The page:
This is How Cyberdyne Begins...

Sept. 1, 2015


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Good news, I've got more Umbah for you. You may have caught the review for the most excellent Enter the Dagobah Core. Hopefully that led you on a journey through the years of albums both before and after. Whether that is the case or not, Cal has a new one for you; and he's pulled all the stops. I'll start with the basics: there is plenty more avant-garde, industrial metal for you here. The strangeness has been cranked up quite a bit, but the most intriguing details are best left described by the musician himself:

Inspiration: I have a ton of real life horror to inspire me right now... .. i am kind of fueled by lots of disasters over the last few years, especially the aftermath of a tornado... it was an epic catastrophe!

Background: Since the first Umbah album, it's just my style to want to push to the max. The processes going on to make every album have always been pushing tech of the moment. In the early days Umbah, [this] was limited , an album like Enter the Dagobah Core is 1 half years to produce. Trilobeth 2 years. Now with a 6 core and the new cyborg band its 10 days!

[Here's the really fun part] The cyborg band: I develop these uber-instruments for all the sounds and riffs. and it's really cool. I have 50 so far. I upgraded them all to run as generators this year...this was to enable me to do exactly this new Umbah album... and it worked [like] a treat. A 10 day production with the music being generated in the first 24 hours! Wild!! Of course, I had been experimenting before and I already had a few generators built last year, and used them in the last few releases... but now this is [a] whole new level, and really it's just the beginning. So now i am not playing, not sampling anything, there is no midi or plugins to mess with. I guess well over 50% of what i would have done manually before is automated now.

I am gonna develop them more and refine the process. Now it's about how great an instrument I can build that will give me really cool material to build a track with minimal intervention. It's not to say i am gonna ditch my axe, but the next guitar stuff I record will be for seeding a machine so it has info from which to write new riffs. Then I will take a bit more time on future albums and i can hybrid the all the old techniques with this new dimension. Cause its not like i need to krank out albums every 10 days!

Behind the scenes in these machines is crazy, they are really complex, with multi-engines and multi-sequencers and multi-fx chains, all with massive amounts of layered automation systems running so that no machine will ever repeat. They constantly generate ever changing riffs, beats and sounds without me doing anything...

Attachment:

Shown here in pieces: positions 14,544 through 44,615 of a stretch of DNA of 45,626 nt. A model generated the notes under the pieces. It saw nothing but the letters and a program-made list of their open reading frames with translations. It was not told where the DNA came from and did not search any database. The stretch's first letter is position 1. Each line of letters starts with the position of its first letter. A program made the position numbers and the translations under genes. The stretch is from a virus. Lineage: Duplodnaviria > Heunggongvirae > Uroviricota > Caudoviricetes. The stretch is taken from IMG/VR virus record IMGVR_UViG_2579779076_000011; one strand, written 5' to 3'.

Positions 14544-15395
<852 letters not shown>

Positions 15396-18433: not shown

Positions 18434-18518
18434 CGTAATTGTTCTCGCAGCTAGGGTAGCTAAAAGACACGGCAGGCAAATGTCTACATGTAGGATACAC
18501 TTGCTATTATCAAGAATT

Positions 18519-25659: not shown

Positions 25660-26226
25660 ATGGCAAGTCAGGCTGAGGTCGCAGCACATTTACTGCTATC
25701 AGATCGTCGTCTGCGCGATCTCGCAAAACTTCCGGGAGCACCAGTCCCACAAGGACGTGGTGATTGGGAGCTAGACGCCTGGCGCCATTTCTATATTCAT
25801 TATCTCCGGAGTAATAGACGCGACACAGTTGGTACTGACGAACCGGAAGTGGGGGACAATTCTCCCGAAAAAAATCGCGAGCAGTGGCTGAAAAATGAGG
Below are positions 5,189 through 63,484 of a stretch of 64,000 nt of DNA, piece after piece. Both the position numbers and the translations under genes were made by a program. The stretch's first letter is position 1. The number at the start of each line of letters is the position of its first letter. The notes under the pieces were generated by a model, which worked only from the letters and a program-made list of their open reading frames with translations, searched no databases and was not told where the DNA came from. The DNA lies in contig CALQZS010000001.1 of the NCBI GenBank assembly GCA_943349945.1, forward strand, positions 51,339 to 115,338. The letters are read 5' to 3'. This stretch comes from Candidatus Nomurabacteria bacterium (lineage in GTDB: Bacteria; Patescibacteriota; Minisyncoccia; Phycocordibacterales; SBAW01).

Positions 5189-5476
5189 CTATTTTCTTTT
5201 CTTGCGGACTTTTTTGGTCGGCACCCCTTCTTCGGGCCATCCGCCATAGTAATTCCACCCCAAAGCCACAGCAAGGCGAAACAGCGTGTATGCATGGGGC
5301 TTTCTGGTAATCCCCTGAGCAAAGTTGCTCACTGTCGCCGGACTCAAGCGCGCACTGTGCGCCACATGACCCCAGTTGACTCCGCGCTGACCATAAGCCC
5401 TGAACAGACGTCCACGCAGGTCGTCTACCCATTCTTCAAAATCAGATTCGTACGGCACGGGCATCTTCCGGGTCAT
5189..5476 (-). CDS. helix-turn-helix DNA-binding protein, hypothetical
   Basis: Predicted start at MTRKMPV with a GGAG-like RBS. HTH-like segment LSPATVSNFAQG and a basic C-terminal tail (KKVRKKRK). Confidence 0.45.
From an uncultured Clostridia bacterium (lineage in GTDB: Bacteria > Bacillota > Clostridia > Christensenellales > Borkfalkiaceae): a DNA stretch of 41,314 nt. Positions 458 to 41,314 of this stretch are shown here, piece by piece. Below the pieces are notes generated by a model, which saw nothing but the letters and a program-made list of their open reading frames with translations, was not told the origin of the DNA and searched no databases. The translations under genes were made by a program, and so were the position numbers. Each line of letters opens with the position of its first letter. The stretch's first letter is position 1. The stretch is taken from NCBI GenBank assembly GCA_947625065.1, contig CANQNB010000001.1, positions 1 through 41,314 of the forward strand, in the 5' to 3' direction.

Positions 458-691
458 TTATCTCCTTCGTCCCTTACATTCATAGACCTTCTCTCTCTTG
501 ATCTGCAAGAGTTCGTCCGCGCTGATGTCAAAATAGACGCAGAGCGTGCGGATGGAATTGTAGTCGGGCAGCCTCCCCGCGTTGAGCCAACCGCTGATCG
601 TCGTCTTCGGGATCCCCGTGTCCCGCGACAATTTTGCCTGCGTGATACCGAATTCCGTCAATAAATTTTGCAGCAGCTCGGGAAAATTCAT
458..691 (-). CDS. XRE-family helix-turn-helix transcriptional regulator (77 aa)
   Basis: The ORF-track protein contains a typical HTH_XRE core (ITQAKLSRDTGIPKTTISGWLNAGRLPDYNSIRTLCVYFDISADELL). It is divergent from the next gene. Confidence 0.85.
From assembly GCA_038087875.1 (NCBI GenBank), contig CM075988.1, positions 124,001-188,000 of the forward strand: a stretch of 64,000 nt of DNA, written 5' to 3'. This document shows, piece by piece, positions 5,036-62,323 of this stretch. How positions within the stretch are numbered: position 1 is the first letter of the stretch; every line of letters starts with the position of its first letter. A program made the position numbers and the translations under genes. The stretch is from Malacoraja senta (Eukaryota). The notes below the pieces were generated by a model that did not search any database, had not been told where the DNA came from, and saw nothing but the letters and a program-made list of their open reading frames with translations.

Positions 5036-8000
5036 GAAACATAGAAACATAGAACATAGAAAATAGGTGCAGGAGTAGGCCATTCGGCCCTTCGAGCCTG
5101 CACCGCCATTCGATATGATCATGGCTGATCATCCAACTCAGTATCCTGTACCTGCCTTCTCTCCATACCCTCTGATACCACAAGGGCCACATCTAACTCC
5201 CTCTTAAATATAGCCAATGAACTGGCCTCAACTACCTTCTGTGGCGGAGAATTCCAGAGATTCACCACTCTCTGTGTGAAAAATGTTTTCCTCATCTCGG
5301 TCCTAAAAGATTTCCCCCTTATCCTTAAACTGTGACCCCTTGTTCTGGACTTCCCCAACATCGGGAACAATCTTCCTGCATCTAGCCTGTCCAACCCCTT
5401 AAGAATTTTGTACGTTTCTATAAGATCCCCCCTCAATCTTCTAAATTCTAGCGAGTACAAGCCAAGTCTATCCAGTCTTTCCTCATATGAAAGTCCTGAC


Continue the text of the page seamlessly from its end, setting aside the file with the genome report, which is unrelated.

The challenge now is to make a machine that is musical and with a high percentage of good output. At the moment they average 10% [which is] good enough. I don't even need to improve this, but i do know how i can get that percentage up to around 20%+. Then it will speed up a bit more!

The recording of Cyborgial Schizms: There [are] many approaches and methods available , but here's how its done on this album. All the music with editing was completed in about 5 days. What i did was run around 20 of these machines two times, for around 1 hour to get all the material. I run 2 machines at a time, so that's 40 hours of riffs beats, hits etc inside 24 hours. Then i listen through and mark where i hear a good riff. These riffs i loop up and join together. The rest gets deleted. By then i have all the riffs and can organize [them] into the tracks.

That leaves the rest of the material which i just listen to alongside these riffs, keep the good, and cut the crap. It is a bit mysterious how it all lines up to make order out of total chaos, but somehow it works... and real fast. Then not much else really. I make the vox, which took up the second 5 days. While I am doing vox, I am listening through all the music keeping an ear out on the mix and just checking its ok. It's easy.

Yeah. I'm pretty sure this was the premise of a few movies that rhyme with "germinator." In any case, I find it all fascinating. I was already amazed by the innovations brought forth by groups like Author & Punisher, but this takes those ideas to terrifying new levels. In essence, the entire process is reversed. And the end result is still thoroughly entertaining. I think what impresses me the most, despite Cal making it sound so simple, is that he is able to wade through the murk of hours of robotic output and so quickly turn it into workable songs. You can experience it for yourself, all at a Name Your Price tag. Throw a few dollars in...lest you anger the machines.